Saturday, May 10, 2008
The Nocturnal Naturalist
Our book today is The Nocturnal Naturalist by Cathy Johnson, and it's both a gorgeous little gem in its own right and a happy reminder from a seasoned, passionate naturalist to the rest of us: all the good stuff happens at night.
Those of us who've been familiar with the quiet of late, late night know that the whole feel of the nearest big park changes completely from that of the day. Animals of sizes and varieties you'd never guess make their appearance and go about their business - if you're very still, they won't notice you, because they've got lots to do before the hated sun returns. In our own neighborhood, skunks abound; in an earlier neighborhood, the pristine quiet of 2 a.m. was disturbed once by a loud, prolonged brawl between two enormous raccoons; in the wooded areas of Boston's Olmsted Park, house cats who're pampered all day long by their unsuspecting owners viciously fish naked chipmunk babies from their tree-bowls; in Central Park, gigantic owls glide noiselessly over paths squawky tourists crowd by day. It's all unbelievably fascinating.
Johnson's book captures that fascination perfectly, and she captures also the beauty of it all. She has the naturalist's perfect ear for the nature of sounds, and her prose is almost as alive as the lush world it describes:
There is a kind of texture to the darkness, a substance, a heft. It has rained and drizzled and rained again, late afternoon into evening. At last. It has been dry too long. Now, at 10 p.m., the darkness is almost tactile. The quiet is woven with the sound of dogs. I hear them call from neighborhood to neighborhood in their varied voices. A random non-rhythm directs the sounds, a chaotic symphony of small-town Saturday night.
I hear cars out on the highway, singly or in convoys, heading for the city - heading anywhere but this backwater bedroom community, twenty-eight miles from Kansas City.
Let them go. Let them all go. When they are gone, the sound of cars and trucks will be reeled in behind them, leaving silence. Wonderful silence, woven with dog's voices and the syncopated plop and splatter of moisture that has gathered on tree limbs to roll in silver mercury drops to the ground.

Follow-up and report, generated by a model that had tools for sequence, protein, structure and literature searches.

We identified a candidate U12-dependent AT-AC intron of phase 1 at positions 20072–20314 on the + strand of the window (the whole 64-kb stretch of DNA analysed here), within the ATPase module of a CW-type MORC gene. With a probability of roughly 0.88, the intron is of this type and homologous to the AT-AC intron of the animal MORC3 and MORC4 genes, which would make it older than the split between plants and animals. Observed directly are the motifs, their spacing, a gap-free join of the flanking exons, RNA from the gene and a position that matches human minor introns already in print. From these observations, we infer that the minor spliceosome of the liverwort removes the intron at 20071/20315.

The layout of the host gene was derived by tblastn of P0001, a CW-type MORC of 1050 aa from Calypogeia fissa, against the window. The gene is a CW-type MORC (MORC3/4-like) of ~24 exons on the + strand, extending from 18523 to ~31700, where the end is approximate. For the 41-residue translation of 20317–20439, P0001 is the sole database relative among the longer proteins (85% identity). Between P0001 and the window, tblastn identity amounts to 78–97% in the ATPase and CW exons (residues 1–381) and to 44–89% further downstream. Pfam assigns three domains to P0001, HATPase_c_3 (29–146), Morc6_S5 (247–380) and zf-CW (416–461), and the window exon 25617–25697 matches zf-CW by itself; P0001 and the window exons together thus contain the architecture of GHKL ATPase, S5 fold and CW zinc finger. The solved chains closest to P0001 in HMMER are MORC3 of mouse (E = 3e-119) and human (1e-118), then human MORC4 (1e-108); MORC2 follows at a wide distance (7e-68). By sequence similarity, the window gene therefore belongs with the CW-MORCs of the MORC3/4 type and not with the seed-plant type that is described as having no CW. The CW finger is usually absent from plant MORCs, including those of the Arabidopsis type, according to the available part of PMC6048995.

Johnson's wandering observations take in all seasons, and she sprinkles them with scientific facts about the creatures she hears and sees, but such concrete information isn't really what she's meaning to convey in The Nocturnal Naturalist. Rather, the book is filled with the author's love of this other world so many people give no thought to at all. And her luminous lookings extend well past the borders of that world, encompassing much that is wonderful by day, like this note about a random dawn:
A solitary robin - the first to return to my territory, our shared domain - repeats his descending-note sequence, his spring song, as distinctive as a fingerprint. A long winter may have passed without hearing from him, but I know the voice of an old friend.
The Nocturnal Naturalist is filled with the author's quite lovely woodcuts (all the best slim volumes of natural history have copious, heartfelt illustrations), and we here at Stevereads whole-heartedly recommend it to soothe your harried souls. It was published in 1989 and is today out of print, but thanks to our new, updated links-list here on the site, you all now have instant access to Alibris.com, the single greatest book-acquiring site on the Internet. Our habit here at Stevereads to recommend out-of-print books need no longer result in a barrage of bleated requests that we SEND you a copy of each! Just click on over to Alibris, and tell 'em Stevereads sent you!